Phil Vine takes a river cruise with 'all the patience in the world'.

If ageing is an art form - and it probably is - the Murray Princess is a floating gallery, a boatload of portraits of our future selves. The perfect place to contemplate who you are, and the masterpiece you may become.

Not to mention the actual oil paintings outside. Majestic ochre cliffs and crackling eucalypts. Timeless landscapes straight from the brushes of Heysen and McCubbin. They drift past at a leisurely 12km/h while an attendant and whimsical crew see to your every need.

The Princess is a paddle steamer, powered by diesel. Droplets of water from the huge wheel glint in the light. Little fish are deposited by the blades on to the back of the boat.


The pelicans follow our slow progress, looking on hungrily - or maybe they've just been unfairly typecast by those cavernous beaks. Pelecanus conspicillatus.

From the top sun deck it feels as though we're barely moving. The effect is mesmerising. You find yourself hypnotised by the warmth on your back and the gentle chugging of the engine. The river is so still it throws up postcard reflections of pale green gums and light orange escarpments the hue of the presidential 'do. You lose yourself in a book for an hour, or two, or three, interrupted only by occasional blasts on the horn to warn the ferries, or a welcome call to dinner or lunch or breakfast.

The Princess' paddle wheel. Photo / Phil Vine
The Princess' paddle wheel. Photo / Phil Vine

At our table of whippersnappers, know-nothing journalists in decades three to five, we play a slightly disrespectful game. Pick the passenger you'd most like to grow into. For the most part the other passengers range in age from their 70s to late-90s. Proud to say that my mum, whom I'd brought along as a travel buddy, was a popular choice. Di's a sprightly 82. Even more nimble than the persistent woman who kept trying to sit on the captain's knee at dinner.

My own choice of future self was David, a Mancunian in his 80s. He'd moved to Perth with his family aged 38 to work as an engineer. Rangey, engaging, with bright sweaters and an excellent set of ears, Dave had stories to tell. He was a frequent floater on the Princess and something of an expert on river lore.

David the Mancunian. Photo / Phil Vine
David the Mancunian. Photo / Phil Vine

"Did you know?" He interrupts me politely as I sit writing in the ship's library. The old paddle steamers used to stop along the way and pick up stacks of firewood from the riverbanks, leaving money for the woodcutters. Just like petrol stations. "Interesting," I mumble.

"One captain never paid his bills so the woodsmen thought they'd sort him," says Dave.

"They stuck a stick of dynamite in a hollowed-out log. A few days later the boat's firebox exploded sending the ship's cook flying a hundred feet in the air." Now I was interested.

Once I got to know him, it seemed like just the sort of wheeze that Dave would pull. He spent all of our lunch at Banrock Station Winery trying to convince me to swipe a branded glass for him. "It's Okay, Phil - I'm a collector not a hoarder."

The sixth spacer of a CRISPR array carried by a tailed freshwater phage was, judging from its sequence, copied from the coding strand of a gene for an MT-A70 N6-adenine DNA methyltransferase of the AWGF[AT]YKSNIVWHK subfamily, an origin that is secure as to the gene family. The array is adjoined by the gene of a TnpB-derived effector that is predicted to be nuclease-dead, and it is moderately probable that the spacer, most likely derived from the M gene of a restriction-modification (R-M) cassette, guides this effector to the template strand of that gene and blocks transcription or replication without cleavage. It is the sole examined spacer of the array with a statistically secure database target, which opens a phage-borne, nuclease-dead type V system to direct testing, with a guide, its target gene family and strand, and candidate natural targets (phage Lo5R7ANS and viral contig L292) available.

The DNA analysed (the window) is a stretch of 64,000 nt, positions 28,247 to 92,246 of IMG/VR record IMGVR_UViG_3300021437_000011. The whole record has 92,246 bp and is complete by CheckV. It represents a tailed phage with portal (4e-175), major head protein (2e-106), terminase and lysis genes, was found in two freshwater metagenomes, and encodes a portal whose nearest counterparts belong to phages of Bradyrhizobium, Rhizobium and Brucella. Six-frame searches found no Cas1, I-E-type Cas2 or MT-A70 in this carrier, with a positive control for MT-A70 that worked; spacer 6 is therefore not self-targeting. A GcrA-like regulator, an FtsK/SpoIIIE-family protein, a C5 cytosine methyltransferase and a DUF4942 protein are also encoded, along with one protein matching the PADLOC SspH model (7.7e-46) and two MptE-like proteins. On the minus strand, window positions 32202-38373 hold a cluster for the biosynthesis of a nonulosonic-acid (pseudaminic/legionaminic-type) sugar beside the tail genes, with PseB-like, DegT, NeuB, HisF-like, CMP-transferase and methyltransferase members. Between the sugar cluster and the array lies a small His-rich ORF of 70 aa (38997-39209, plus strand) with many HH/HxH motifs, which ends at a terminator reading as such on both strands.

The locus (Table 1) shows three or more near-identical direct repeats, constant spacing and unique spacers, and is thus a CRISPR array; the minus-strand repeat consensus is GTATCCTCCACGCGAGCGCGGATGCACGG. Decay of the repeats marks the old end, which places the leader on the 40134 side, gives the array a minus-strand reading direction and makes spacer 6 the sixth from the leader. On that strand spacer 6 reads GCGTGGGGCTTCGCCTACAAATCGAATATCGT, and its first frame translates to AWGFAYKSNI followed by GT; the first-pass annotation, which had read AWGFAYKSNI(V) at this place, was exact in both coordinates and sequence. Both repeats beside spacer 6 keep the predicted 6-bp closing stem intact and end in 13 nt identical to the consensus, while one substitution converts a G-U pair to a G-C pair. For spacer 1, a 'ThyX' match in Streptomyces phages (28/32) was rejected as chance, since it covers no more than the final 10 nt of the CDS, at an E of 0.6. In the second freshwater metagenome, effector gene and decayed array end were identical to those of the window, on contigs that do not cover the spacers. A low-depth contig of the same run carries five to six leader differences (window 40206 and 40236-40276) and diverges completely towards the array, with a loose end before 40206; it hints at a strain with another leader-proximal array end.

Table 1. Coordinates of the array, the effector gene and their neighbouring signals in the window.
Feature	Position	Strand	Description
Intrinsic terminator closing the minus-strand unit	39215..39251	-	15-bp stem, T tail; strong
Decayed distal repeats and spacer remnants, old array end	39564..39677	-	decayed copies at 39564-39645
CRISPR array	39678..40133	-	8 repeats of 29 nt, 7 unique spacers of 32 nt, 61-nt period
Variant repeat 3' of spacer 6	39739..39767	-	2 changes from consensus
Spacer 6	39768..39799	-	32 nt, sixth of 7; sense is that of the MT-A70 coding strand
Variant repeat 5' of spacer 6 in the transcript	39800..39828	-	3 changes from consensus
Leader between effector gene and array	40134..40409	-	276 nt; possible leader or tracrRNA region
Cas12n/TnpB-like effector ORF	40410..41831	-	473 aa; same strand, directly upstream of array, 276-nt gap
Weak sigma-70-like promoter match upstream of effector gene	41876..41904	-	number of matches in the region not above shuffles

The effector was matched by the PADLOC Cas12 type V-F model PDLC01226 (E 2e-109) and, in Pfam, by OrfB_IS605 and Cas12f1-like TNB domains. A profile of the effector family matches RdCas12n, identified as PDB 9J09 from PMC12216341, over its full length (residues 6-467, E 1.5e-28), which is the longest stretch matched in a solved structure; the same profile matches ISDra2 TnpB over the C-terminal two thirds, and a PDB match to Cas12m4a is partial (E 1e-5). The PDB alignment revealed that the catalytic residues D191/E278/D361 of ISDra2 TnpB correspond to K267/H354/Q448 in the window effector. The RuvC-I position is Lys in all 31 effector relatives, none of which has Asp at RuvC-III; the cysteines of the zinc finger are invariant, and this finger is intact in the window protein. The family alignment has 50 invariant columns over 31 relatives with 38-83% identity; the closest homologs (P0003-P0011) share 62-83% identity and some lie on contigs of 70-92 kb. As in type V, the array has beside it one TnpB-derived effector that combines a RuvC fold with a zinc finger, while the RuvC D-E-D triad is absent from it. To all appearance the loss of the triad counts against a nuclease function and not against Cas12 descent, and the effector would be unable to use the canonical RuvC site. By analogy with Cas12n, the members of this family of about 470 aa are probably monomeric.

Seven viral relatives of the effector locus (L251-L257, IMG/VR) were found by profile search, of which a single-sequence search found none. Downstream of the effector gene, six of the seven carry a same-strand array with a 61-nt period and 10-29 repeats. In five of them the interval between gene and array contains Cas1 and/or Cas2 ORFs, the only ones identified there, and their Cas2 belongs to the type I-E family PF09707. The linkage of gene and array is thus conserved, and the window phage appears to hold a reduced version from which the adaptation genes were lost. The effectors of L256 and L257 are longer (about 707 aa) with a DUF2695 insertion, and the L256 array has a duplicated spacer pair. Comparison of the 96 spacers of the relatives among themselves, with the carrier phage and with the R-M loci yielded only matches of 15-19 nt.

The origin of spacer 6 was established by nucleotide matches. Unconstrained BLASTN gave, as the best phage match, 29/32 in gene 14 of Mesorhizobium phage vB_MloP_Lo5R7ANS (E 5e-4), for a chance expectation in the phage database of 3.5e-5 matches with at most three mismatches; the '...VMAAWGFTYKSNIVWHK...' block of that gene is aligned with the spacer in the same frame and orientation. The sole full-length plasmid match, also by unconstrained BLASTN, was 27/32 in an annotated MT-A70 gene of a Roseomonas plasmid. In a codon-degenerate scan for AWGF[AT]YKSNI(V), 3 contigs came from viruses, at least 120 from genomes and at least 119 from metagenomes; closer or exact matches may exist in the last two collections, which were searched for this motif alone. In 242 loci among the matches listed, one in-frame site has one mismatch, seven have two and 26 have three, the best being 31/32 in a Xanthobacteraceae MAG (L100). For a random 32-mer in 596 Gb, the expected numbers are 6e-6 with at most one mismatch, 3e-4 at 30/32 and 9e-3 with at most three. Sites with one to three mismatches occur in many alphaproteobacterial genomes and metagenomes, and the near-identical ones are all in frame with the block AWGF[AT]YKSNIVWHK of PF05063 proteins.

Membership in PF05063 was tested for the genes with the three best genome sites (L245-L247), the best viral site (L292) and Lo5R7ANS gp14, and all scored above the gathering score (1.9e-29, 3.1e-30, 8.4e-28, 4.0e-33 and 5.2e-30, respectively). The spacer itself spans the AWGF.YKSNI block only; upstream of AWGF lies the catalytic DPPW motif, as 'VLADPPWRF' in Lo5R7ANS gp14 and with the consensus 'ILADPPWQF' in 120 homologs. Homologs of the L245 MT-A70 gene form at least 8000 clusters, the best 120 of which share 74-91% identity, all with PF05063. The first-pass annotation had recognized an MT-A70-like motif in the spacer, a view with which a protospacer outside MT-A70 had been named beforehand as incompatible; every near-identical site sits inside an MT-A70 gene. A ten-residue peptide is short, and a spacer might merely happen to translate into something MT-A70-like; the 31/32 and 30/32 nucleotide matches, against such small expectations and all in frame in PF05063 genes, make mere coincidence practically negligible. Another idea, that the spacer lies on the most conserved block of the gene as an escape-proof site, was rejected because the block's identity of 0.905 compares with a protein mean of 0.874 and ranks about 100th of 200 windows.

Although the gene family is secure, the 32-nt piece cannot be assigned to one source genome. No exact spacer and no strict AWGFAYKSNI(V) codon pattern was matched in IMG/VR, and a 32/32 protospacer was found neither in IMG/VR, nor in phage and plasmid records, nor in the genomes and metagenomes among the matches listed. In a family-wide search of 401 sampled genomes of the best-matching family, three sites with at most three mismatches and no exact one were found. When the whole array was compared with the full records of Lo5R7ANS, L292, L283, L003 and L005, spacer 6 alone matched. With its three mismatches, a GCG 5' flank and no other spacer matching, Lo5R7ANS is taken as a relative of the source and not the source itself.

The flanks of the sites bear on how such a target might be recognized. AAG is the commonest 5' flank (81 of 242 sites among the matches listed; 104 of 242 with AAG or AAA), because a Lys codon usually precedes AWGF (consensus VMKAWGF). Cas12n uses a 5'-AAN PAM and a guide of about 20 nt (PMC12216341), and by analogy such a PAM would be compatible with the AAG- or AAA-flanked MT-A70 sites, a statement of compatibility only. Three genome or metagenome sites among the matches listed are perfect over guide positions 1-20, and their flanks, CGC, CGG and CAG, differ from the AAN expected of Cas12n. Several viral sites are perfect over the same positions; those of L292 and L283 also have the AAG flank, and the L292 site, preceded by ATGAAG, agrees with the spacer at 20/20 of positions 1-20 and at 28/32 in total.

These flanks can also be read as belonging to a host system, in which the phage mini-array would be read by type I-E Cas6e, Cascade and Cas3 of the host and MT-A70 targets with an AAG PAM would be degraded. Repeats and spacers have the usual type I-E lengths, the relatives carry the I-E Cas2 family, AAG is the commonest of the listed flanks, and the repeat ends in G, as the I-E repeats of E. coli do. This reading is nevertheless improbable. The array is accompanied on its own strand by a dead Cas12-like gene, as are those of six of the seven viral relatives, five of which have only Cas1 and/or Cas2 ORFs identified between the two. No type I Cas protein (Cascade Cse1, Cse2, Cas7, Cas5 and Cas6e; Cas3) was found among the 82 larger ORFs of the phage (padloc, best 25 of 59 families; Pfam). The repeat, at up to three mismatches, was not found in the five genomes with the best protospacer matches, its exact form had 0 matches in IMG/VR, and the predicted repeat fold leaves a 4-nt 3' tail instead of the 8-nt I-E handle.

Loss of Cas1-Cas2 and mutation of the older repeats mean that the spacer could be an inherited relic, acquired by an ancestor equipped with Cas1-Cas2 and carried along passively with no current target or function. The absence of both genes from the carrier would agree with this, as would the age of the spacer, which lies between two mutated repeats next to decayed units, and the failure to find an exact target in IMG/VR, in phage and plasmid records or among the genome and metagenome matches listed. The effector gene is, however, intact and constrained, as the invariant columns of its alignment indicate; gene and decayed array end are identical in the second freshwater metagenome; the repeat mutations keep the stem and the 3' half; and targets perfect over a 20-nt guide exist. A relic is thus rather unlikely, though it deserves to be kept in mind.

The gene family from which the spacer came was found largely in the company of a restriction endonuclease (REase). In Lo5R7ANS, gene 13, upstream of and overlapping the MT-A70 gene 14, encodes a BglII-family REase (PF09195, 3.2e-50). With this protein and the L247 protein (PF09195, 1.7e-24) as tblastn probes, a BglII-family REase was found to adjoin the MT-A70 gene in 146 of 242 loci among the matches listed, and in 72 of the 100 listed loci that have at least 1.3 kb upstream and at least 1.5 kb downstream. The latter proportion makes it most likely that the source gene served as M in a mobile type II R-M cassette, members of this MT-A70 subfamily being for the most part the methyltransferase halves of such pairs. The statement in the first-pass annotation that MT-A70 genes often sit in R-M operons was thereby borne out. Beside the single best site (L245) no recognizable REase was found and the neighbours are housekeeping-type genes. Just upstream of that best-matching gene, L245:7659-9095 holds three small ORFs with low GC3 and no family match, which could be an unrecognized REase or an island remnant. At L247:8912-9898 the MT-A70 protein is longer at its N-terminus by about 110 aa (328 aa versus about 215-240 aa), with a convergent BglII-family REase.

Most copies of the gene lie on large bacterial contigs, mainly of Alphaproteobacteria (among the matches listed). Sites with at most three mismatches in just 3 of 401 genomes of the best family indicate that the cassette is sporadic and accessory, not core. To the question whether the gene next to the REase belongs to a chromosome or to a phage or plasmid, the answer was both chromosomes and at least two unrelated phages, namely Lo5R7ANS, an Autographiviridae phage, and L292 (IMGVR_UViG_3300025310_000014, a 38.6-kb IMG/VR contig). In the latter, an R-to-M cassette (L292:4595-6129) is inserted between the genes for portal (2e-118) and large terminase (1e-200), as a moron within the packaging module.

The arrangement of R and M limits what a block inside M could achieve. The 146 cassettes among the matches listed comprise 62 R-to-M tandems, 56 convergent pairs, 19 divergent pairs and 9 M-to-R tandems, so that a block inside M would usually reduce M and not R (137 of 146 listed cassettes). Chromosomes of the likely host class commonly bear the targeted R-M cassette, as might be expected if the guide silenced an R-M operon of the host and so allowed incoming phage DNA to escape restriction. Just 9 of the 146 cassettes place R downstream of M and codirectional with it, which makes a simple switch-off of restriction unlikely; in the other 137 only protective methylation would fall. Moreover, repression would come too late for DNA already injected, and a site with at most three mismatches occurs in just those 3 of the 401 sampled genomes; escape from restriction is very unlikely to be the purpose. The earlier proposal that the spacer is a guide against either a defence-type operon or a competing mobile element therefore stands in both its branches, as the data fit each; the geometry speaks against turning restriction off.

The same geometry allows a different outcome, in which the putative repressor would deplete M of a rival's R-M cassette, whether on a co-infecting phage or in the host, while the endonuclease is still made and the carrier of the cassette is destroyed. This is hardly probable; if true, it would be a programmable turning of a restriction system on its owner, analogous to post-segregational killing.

And Banrock Station by the way - what a surprise. In New Zealand it may be the last word in cheap red, but it's worth seeking out their more expensive vintages. Some amazing drops. Even more amazing, their sustainable wetland programme, which is worth supporting the label for.

Freebies are a sure bet to keep the post-war generation happy (and skint journos for that matter). The lunch at Banrock is great and gratis. We stop at a total of three vineyards for tastings where the free wine keeps flowing.

The food on board is inclusive and ticks all the boxes. There's lots. It arrives with joyous regularity and it's all of an excellent standard. From a remarkably small kitchen the chefs trot out a la carte meals for lunch and dinner, generous spreads ranging from kangaroo to lamb and salmon as well as bespoke vegetarian meals for this fussy Kiwi. Munching fresh salad as the river drifts by.

The Murray holds a special place in the heart of South Australians. Two centuries ago, it was a busy highway into the hinterlands, north of Adelaide. Along the way are once-bustling river ports and kooky Outback towns, hours from the capital by dirt road, still to be "bitumised" as they say around here.

A mixed blessing. Rough roads keep the weekenders away.

Morgan is my small-town pick. The dusty red tracks on the outskirts have terrific names like Lovers Lane and Slaughterhouse Rd. There's a perfectly preserved Victorian morgue.

But the piece de resistance is a curio shop that must have carried out its last stocktake during the Hawke administration.

Past the counter, holiest of the holies: the tapestry room. Gold coin donation. Covering all four walls, a floor to-ceiling collection of kitset tapestries made by the owner's mother.

You know the ones: those sew-by-number editions. Eclectic scenes ranging from old masters paintings, to lions, unicorns and 80s soft-focus porn, including topless women with blow waves. The overall effect is staggering.

She sewed till she was 99. Her daughter wasn't sure whether it was the tapestry or the bowling that held the secret to her mum's longevity. In between marathon sessions with the needle and thread she took the Passat into Adelaide twice a week to bowl. Tenpin bowling. "Don't believe me?" she says, showing me a photo of a bowling alley fundraiser.

Her late mum's parked between the flashing white teeth of two Wheel of Fortune hosts.

Just by the by, the bric a brac is brilliant. I came away with some rare West German pottery. Collector, not a hoarder. Then, the horn sounds and we're off again, never in one place for long, always the quiet imperative to get back to the boat so we can resume our meditative progress.